The publication date for my debut collection is fast approaching: March 8, to be exact.
Besides gathering some of my favorite stories (a few have won some awards, if you care about that sort of thing), this volume also contains a brand new story that I feel is among my best.
Other recent news that may be of interest:
- The Grace of Kings was named one of NPR’s best books of 2015
- … as well as Apple iBooks’ “Best of 2015” (Fantasy)
- … as well as Kobo’s top SFF pick for 2015.
- Both TWOS and The Paper Menagerie made it onto io9’s list of “40 Science Fiction and Fantasy Books That Will Rock Your World In 2016.”
- The president is reading my translation of The Three-Body Problem. (I never thought I’d have anything to do with something the president would read…)
- I was at the ALA Midwinter meeting in Boston this weekend, and had a great time talking with Kat Howard about her debut novel, Roses and Rot, which is a re-imagining of the tale of Tam Lin in a contemporary fantasy setting that raises interesting questions about the role of art — lying to tell the truth. I had the privilege of reading an ARC of the book, and it’s wonderful. You’ll definitely want to pick up a copy when it’s out in June.
I didn’t write many short stories this year (working on TGOK II took up most of my writing time), but I did write a few.
One of them is “Article I, Section 8, Clause 11” (of the US Constitution, of course), a story I wrote for the Atlantic Council’s Art of Future Warfare Project. My contribution, along with stories by David Brin, August Cole, Linda Nagata, and many others, are collected in an anthology called War Stories From the Future, which is free for the public to download and read. Certainly I hope the anthology stimulates discussion about the evolution of warfare, but I also think these stories are fun to read.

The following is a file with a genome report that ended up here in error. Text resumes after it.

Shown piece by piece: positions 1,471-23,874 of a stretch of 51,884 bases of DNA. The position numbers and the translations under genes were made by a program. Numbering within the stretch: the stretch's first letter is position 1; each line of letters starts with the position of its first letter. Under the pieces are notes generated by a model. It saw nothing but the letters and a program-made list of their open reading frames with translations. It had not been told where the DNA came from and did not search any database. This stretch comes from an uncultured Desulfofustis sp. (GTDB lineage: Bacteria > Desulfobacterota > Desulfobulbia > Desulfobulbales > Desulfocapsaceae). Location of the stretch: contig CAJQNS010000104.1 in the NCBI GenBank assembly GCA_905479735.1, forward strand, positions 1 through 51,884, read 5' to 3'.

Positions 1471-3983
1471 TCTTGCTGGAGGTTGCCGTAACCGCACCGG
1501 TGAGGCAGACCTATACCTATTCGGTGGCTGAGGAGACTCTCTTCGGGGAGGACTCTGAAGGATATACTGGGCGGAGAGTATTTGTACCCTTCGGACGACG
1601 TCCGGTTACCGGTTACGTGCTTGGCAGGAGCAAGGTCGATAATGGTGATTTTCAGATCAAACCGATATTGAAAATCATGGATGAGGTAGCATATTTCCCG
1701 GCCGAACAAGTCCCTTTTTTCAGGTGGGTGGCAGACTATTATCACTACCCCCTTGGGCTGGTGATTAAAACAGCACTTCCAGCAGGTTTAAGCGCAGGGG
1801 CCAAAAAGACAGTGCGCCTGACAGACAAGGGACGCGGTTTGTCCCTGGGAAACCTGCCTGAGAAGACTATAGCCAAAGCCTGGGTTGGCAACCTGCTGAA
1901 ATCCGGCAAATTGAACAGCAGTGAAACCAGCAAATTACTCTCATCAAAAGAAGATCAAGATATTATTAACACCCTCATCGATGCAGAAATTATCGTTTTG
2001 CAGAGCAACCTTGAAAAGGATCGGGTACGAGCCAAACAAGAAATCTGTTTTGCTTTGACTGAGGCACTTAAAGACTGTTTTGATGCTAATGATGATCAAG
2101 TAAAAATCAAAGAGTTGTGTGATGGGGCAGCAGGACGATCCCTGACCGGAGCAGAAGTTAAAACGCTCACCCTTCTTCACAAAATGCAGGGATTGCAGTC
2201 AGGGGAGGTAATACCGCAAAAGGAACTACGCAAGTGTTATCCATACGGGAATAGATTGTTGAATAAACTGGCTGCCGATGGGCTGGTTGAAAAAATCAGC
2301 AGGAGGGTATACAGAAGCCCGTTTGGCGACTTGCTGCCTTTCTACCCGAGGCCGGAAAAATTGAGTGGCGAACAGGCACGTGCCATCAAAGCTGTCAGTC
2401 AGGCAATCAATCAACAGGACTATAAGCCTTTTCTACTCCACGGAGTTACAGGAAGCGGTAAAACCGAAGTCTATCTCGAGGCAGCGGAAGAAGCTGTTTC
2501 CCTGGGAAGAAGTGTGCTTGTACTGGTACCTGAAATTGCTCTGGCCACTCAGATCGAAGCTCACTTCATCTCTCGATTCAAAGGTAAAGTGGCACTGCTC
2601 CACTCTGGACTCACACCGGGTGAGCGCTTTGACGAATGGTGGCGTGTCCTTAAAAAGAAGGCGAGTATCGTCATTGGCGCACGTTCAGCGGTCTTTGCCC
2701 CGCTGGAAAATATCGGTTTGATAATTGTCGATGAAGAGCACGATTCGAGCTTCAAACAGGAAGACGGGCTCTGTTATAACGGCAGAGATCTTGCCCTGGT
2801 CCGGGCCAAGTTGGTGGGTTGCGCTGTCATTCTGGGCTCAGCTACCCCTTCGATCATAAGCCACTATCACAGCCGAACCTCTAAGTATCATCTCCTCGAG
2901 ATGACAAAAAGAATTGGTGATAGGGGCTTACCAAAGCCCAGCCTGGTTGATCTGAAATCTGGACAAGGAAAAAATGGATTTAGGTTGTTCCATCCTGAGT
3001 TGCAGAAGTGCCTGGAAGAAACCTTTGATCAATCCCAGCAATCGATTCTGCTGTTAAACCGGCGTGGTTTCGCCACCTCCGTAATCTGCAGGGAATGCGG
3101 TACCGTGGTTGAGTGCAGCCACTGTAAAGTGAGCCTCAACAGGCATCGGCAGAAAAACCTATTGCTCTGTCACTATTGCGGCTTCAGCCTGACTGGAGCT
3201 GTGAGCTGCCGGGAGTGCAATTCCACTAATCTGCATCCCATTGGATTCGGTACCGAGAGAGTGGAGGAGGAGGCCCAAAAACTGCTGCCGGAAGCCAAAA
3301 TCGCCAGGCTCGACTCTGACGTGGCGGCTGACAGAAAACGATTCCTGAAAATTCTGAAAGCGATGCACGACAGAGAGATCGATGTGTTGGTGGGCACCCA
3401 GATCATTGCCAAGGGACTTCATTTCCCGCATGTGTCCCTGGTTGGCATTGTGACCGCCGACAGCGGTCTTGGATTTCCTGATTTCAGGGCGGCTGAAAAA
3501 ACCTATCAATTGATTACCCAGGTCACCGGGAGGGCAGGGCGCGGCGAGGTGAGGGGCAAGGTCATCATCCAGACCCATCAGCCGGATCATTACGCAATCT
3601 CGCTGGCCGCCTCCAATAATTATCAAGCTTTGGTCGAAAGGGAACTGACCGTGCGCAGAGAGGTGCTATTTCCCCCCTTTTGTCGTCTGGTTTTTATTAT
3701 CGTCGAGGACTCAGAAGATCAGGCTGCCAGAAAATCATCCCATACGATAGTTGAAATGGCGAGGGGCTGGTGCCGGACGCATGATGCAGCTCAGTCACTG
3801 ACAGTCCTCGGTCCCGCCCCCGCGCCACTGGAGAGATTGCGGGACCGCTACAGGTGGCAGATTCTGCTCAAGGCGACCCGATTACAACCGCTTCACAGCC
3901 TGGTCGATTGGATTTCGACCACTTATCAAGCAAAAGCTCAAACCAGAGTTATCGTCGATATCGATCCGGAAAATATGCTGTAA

I also made one of my favorite stories that’s never been reprinted online before, “Altogether Elsewhere, Vast Herds of Reindeer” (originally published in F&SF, May/June 2011), available on the new online publishing platform Moozvine under a Creative Commons license. This post-Singlarity story about math and poetry is free to read on Moozvine, and I hope you enjoy it. (If you do enjoy this story and others on the site, please consider pledging a few dollars to support me and other artists trying to contribute to Creative Commons.)